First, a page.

Investing Today Does Not Work!
On this page I discuss the dangerous and unacceptable world of investing that individuals are forced to accept today. Here I discuss the much improved way that investing will work in the future with the use of NAOI Dynamic Investments.
An Unfriendly World for Individual Investors
The world of investing today is so complex, overrun with information and devoid of logic that people are forced to seek the help of financial advisors to navigate it. Then, because nowhere have they been taught in academia how to invest, they passively accept whatever investments are recommended to them without question.
Simply entrusting your portfolio to an advisor puts your financial future in danger for two reasons. First, financial advisors are also salespeople who have quotas to meet. Their motivations may not be the same as yours. Second, the entire financial services industry today uses a portfolio design methodology based on Modern Portfolio Theory (MPT), an approach that was introduced to the markets in 1952. 65+ years ago markets were a far different place than they are today. While markets have evolved significantly since then, MPT methods have barely changed at all, and they simply don't work in modern markets. You probably hold an MPT-based portfolio today and, by doing so, your money is at risk.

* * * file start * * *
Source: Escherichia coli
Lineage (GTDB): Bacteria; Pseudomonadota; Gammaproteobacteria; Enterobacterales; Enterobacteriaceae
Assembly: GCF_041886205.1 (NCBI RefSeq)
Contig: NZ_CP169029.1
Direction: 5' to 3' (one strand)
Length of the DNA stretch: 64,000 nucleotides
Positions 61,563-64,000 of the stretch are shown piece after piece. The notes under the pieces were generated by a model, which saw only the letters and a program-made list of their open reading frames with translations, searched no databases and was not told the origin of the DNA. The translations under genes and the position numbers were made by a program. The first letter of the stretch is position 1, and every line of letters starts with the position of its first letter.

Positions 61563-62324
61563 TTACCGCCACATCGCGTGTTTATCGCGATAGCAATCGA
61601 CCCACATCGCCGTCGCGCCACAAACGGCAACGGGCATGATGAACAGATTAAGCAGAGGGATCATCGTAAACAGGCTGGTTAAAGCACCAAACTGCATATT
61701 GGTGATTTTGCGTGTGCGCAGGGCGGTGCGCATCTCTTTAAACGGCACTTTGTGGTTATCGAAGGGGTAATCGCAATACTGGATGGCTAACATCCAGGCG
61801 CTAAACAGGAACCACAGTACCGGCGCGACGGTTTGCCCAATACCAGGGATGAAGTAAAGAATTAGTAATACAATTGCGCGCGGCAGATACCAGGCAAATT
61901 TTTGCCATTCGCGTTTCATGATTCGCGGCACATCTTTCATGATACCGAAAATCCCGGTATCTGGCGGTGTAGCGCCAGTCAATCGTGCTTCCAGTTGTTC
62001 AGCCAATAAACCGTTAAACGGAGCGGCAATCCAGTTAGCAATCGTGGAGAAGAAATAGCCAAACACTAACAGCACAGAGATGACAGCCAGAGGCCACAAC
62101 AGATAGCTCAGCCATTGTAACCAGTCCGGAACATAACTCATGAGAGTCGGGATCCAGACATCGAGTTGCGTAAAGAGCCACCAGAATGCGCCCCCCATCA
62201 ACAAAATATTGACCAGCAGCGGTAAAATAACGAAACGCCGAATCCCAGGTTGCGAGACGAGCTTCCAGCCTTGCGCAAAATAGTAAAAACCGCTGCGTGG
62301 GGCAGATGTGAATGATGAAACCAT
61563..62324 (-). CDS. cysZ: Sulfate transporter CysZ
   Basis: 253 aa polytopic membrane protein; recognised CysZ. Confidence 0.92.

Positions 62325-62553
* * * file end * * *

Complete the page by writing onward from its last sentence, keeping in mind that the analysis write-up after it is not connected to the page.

Following are just a few problems with an investing world that revolves around MPT portfolios:
Using MPT Portfolios in Today's Markets
Virtually all portfolios held by individuals today are designed based on an approach set forth by Modern Portfolio Theory (MPT). This theory says that a portfolio should be designed to meet an investor's risk profile. This is done by determining the portfolio allocation of money between various asset classes; mainly between stocks and bonds. Then the portfolio is to simply be bought and held for the long term. This theory is a disaster in today's markets. Below I show just a few problems of holding an MPT portfolio today.
Using a 65+ Year-Old Methodology!
First it is important to understand just how outdated MPT methods are. You can see in the chart at right that Modern Portfolio Theory was introduced in 1952 when markets where a far different place.
Back then markets were relatively "quiet" with minimal volatility and a long-term buy-and-hold strategy made sense. But look at markets today. The are exponentially more volatile making a buy-and-hold strategy a disaster.